Money has been an integral part of human civilization for more than three thousand years. Yet money has not always taken the form of the coinage and paper notes that we recognize today; instead, it has evolved over centuries to meet the requirements of each age and Forex is our time’s addition to the timeline.
So how did our modern currencies originate? What provides the underlying value of the coins in our pocket? And how has our understanding of money shaped global markets over the centuries?
Our history of forex will explain all.
The Origins Of Money
Before the widespread use of physical currency, trade was conducted through the bartering of one good for another. However, different products are rarely directly convertible in terms of value, which created obstacles for trade.
Physical currencies became a popular solution because they provide an intermediary store of wealth, capable of simplifying exchanges between individuals.
Defining A Currency
Any item that is agreed to hold an intrinsic value can be used as currency. Cattle was considered currency as long ago as 9,000 BCE and, in ancient China, one of the world’s first currencies was a snail shell known as cowry. The fact that these items are widely accepted as a form of payment is the single attribute required for each to be recognized as a valid currency.
The Creation Of Foreign Currency Markets
The first standardized coins began to appear from the 7th century BCE onwards. And, because each currency represented a different value, markets naturally developed around the buying and selling of one coinage for another.
Although the precise moment of these first ‘forex’ trades has not been recorded, we know that governments, such as the Byzantine Empire, were already controlling and regulating the money markets by the 4th century CE. However, this was not forex trading as we would recognize it today. The first major step towards modern forex trading was the adoption of a gold standard.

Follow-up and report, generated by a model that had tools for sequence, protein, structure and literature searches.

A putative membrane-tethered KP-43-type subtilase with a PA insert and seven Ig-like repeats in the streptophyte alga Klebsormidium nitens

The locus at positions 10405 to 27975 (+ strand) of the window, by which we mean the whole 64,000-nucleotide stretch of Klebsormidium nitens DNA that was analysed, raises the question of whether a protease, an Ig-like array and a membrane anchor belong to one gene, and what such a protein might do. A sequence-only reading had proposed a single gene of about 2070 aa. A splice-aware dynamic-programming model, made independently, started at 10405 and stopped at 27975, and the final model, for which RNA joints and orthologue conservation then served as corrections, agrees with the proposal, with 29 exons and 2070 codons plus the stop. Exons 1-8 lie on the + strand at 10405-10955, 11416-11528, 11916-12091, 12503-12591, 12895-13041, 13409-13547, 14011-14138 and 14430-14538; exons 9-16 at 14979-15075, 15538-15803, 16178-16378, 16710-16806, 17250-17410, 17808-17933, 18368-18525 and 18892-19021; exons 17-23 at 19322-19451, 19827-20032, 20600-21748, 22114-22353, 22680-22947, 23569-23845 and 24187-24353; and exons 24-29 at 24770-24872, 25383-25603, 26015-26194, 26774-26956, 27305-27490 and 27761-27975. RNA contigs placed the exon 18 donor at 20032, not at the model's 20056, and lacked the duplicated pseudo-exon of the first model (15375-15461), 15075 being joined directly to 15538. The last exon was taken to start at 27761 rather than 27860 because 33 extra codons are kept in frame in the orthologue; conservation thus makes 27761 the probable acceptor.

The Gold Standard
Great Britain implemented a gold standard for its currency in 1816 as part of the Coinage Act. A gold standard permits the direct conversion of coinage into a fixed quantity of gold bullion. By 1879, many countries had adopted a gold standard, including the United States. Those which had adopted the gold-backed system were able to easily convert the values of their own coinage directly into any other gold-backed currency. This improved price stability within exchanges, and allowed traders to buy and sell with a greater degree of confidence for many decades.
The Bretton Woods And Smithsonian Agreements
The gold standard continued as long as traders remained confident in a nation’s gold reserves. However, following the Second World War, trust in these reserves began to diminish. The system was replaced in 1944 by the Bretton Woods Agreement.
The Bretton Woods agreement was seen as a significant moment, as it permitted individual currencies to discover their own value on the open market, by decoupling them from gold and the US dollar and allowing price adjustments of up to one per cent.
The Smithsonian Agreement of 1971 then expanded the adoption of floating currencies by allowing price adjustments of up to 2.25 per cent against the US dollar. The value of the US dollar in relation to gold was also reduced, removing much of the incentives of converting currency into precious metal. Within a decade, virtually all major world economies were decoupled from gold and were freely floating on the forex markets.
Yet to fully understand forex trading in the modern age, one must appreciate the unique structure of the market, and how it has been shaped by technology.
The buying and selling of one currency for another occur directly between two parties, without a centralized authority or exchange acting as an intermediary. This is known as an over the counter (OTC) market. It means that trades can occur in any location, and at any time, 24 hours a day.
Decentralization has been a key element of recent growth in forex trading activity. In the decade which followed the launch of the first web-based trading platform, daily volumes on forex markets more than doubled: from $1.7 trillion in 1998 to $3.98 trillion in April 2010. By 2016, trading in the global forex markets had grown further: to $5.09 trillion – aided in no small part by the emergence of high-frequency trading robots which use algorithms to execute multiple trades every second.
Today’s foreign currency market sees $5.3 trillion worth of transactions each day. A growing share of this activity is carried out by independent traders: participating in global markets and shaping the prices of the world’s currencies while requiring little more than an internet connection.
The way we use money has changed over time; it continues to evolve now, and into the future. At each point in our history of foreign exchange, we have seen how the role of money has adapted to address the needs and uses of contemporary societies. It has helped us to simplify trade, to save and store wealth, and to create more stable societies to live in. The modern forex market is decentralized and democratic and provides access to more traders than any other marketplace on the planet.
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